Nigerian bank CEO and family among 6 people killed in Mojave Desert helicopter crash, trade official says


The CEO of a major Nigerian bank, along with his wife and son, were among six people killed in a helicopter crash in the Mojave Desert near the California-Nevada border late Friday night, according to a World Trade Organization official.

Access Bank chief executive Herbert Wigwe, his wife and son, and the former group chairman of the Nigeria Stock Exchange, Abimbola Ogunbanjo, died in the crash, WTO Director-General Ngozi Okonjo-Iweala said in a post on X. Both of the helicopter’s pilots were also killed, according to authorities.

The chartered Airbus EC130 helicopter was flying from Palm Springs, California, to Boulder City, Nevada, just outside of Las Vegas, according to National Transportation Safety Board member Michael Graham.

The aircraft, which was operated by California-based charter company Orbic Air, took off around 8:45 p.m. PT and crashed just after 10 p.m. near Interstate 15 in Halloran Springs, California, Graham said.

The helicopter caught fire upon impact, Graham added, citing witness reports. Witnesses also reported rain and a wintry mix when the crash happened, he said.

The NTSB is investigating the cause of the crash and was on the scene in Halloran Springs, California, Saturday night collecting evidence, Graham said at a news conference.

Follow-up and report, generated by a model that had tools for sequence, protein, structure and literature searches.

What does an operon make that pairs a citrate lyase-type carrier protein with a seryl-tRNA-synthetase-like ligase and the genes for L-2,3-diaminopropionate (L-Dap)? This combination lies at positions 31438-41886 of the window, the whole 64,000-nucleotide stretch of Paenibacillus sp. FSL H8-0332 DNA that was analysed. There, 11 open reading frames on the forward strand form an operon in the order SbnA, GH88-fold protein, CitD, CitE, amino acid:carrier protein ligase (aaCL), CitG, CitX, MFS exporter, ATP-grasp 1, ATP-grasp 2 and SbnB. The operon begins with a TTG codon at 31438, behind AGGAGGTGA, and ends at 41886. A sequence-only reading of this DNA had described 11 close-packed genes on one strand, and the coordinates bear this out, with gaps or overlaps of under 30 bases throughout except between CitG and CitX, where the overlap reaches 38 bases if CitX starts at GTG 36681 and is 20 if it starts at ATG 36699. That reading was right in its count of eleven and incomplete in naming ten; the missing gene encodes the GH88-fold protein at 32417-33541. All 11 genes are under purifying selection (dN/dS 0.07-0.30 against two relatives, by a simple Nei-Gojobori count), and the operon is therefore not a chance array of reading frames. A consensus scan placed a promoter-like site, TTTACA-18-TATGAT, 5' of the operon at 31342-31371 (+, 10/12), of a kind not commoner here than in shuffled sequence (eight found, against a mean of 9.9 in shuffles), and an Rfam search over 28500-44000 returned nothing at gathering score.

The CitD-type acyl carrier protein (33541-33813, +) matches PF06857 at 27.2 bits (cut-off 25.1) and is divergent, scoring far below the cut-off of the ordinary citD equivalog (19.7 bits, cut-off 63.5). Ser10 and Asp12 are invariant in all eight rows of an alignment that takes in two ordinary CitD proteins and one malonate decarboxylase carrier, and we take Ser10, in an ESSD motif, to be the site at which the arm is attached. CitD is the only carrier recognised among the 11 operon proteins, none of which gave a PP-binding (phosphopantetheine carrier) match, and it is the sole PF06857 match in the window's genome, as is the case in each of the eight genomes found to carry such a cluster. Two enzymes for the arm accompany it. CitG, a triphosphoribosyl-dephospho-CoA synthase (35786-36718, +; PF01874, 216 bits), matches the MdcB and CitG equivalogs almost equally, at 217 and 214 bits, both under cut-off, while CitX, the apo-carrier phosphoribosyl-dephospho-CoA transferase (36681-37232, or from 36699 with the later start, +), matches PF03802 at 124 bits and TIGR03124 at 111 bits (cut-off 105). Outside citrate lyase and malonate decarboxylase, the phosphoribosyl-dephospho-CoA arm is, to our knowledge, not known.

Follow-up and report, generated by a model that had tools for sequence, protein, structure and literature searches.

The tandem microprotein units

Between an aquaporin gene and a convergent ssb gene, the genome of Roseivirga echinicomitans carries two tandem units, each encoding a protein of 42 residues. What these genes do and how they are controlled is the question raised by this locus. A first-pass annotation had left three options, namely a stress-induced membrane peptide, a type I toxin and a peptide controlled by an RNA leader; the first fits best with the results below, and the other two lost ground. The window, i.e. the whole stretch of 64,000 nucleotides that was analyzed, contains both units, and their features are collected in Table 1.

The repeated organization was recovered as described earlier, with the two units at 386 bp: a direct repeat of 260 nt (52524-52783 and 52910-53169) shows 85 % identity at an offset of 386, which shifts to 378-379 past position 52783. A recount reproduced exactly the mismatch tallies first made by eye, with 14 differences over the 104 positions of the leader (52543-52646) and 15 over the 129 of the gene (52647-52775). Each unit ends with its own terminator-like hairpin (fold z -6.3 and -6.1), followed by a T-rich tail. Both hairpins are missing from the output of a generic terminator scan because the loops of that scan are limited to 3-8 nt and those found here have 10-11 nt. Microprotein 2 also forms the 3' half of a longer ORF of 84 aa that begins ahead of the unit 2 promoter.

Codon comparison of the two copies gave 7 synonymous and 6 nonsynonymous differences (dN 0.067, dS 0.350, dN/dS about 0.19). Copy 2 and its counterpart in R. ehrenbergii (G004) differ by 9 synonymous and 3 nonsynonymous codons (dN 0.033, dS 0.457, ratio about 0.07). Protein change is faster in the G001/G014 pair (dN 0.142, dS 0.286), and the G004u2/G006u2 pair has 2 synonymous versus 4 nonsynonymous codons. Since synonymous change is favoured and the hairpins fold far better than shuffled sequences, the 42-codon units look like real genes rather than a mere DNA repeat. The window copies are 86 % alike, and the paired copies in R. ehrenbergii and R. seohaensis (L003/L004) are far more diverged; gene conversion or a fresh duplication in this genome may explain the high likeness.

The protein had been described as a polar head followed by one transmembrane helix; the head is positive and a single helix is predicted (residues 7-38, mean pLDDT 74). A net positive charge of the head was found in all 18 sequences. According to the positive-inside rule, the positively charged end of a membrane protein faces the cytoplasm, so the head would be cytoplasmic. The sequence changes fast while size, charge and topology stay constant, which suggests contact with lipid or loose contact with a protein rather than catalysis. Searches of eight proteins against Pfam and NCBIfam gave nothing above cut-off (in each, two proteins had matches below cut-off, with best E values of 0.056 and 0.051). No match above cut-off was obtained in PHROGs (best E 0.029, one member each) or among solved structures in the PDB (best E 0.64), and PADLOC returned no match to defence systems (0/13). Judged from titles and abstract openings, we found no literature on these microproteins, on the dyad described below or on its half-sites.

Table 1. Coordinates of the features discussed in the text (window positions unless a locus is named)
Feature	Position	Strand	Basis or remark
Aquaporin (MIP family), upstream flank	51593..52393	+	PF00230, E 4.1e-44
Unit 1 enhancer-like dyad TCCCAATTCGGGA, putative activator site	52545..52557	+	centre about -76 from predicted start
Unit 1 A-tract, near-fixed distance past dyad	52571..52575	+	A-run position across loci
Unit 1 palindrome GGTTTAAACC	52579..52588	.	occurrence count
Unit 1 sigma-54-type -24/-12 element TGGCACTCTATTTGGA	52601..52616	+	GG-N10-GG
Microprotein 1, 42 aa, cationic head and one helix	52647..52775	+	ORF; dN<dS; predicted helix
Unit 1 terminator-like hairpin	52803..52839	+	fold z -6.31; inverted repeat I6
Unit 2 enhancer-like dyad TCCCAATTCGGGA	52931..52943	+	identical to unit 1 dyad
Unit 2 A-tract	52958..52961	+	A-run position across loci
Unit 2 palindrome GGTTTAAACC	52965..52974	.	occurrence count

Authorities have yet to publicly identify the people killed but condolences have began pouring in for the Wigwe family and Ogunbanjo.

The governor of Nigeria’s Edo State, Godwin Obaseki, said he is “extremely shocked and devastated” and said the deaths are an “irreparable loss.”

“Wigwe was a colossus in Nigeria’s financial sector, leading Access Bank to become an international brand that placed Nigeria on the global map of first-class financial services,” Obaseki said in a post on X.

Wigwe became the Group Managing Director and chief executive of Access Bank in 2014, according to the company’s website. CNN has reached out to the bank for comment.

Investigators will return to the crash scene Sunday to continue documenting the site, including using a drone to create an aerial map of the wreckage, Graham said. He requested anyone who witnessed the crash contact the NTSB and provide any available photos or video of the incident.

“The identities of the deceased will be released once positive identification has been made and next of kin notifications have been made,” the San Bernardino County Sheriff’s Department said Saturday.

A preliminary investigation report will be released in the coming weeks, but the full inquiry could take as long as two years before a final report is published, according to Graham.

Credit: CNN


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